How accurate is your estimate of your company's value? This question can be deceptively challenging. You may be quantifying the success of your company based on tangible measures, such as annual revenue and profit, but your company has long-term potential and value beyond the dollars it generates. This perspective is important to incorporate into your valuation. The following measurements and metrics can help guide you.

Estimate Future Profits

It's important to develop an understanding of your small business's health and longevity. You may already be accustomed to annual or quarterly forecasts, but you must also counterbalance these projections with a long-term view by creating an estimate for what you expect to be earning years from now.

This process is as simple as calculating what you've earned recently and in years past, and then using that number to estimate how much you expect to earn in the future. Determine your average profits over the last five years, for example, and then multiply this metric by the number of years for which you'd like to measure your value in the future.

Develop both a conservative estimate and one that is more aggressive so that you can assess your full strategic picture. Take care to consider and avoid situations where you are understaffed, overstaffed, underspending or overspending.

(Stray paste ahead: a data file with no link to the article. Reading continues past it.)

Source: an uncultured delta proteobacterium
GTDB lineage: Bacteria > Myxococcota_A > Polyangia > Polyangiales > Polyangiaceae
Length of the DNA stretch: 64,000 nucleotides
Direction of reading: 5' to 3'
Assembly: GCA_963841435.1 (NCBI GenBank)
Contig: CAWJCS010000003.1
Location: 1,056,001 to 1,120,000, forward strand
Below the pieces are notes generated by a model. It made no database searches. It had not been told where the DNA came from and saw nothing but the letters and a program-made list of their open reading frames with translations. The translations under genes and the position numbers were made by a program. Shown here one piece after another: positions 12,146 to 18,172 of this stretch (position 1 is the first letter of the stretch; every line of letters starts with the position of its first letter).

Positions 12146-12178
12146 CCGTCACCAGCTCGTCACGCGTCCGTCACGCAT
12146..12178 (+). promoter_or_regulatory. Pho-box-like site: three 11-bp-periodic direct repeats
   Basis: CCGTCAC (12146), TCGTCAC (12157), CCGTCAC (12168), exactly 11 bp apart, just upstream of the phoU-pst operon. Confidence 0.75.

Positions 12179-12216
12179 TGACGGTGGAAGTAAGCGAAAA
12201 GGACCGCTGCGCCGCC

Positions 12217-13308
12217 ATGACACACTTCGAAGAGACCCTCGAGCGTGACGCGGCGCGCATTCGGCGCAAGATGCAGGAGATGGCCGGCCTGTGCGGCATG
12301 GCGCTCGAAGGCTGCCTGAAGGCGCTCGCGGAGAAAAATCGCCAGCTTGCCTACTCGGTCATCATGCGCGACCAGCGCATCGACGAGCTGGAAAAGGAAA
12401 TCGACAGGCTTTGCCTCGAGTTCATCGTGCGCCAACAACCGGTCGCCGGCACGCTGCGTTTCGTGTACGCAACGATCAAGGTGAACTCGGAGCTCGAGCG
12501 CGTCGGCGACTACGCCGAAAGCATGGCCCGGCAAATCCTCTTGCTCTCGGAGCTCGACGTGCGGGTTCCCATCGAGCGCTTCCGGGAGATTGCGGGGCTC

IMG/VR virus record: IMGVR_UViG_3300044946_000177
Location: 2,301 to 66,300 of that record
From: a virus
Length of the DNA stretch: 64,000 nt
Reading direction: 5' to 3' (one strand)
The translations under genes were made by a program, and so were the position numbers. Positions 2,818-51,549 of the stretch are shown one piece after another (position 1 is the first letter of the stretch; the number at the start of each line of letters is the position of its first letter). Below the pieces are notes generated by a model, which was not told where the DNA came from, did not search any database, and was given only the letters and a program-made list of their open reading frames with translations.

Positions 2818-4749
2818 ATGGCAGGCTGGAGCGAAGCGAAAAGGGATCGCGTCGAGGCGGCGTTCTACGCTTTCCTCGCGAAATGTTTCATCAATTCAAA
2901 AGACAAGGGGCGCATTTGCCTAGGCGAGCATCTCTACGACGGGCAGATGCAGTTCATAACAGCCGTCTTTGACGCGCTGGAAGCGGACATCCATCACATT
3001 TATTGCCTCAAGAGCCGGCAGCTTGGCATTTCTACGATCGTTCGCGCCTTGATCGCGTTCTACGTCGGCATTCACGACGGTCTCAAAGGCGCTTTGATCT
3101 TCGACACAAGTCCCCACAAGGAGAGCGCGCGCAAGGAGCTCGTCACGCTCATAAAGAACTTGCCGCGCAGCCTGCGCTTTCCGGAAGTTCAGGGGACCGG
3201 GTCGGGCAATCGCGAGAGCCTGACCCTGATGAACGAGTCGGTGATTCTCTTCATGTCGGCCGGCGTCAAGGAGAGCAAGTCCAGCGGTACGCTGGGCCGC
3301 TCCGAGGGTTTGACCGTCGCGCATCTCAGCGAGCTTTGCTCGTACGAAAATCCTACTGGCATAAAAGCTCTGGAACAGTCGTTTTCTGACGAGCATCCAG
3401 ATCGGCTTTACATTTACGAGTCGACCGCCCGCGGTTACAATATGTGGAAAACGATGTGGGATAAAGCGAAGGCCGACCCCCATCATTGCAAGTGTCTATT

Consider Your Customers

How often do your customers return to your business? This metric is important to track when assessing your business's long-term health. As you bring new products and services to the market, your existing customer base becomes more valuable. Calculate how much you've earned from your top customers over the last three to five years, in addition to how often they're returning.

Use these two metrics to understand how sticky your business will be in the future. If you know how much you expect to earn from your customers over the long term, you can better tailor your customer acquisition processes.

Determine if the Market Is Evolving

It's a good idea to figure out what demand exists now and how you expect that picture to change over time. To find this information, seek out public studies from market research companies. You can also look at demographic reports from the U.S. Census or local government sources. You'll also want to take a look at your competitive landscape and map out changes you expect to take place among key players in the market.

Knowing your company's value can be extremely beneficial for your long-term planning strategy. You'll have a strong sense of where you can afford to take risks and make investments and when you should be more conservative in your approach. You'll also have a better understanding of how to position your company in the event of a buy-sell situation. You never know what the future may hold, but an accurate forecast can help ensure you're taking the right steps forward.

Tags: Business Valuation Forecast Worth Net Worth Evaluation Organization's Value Value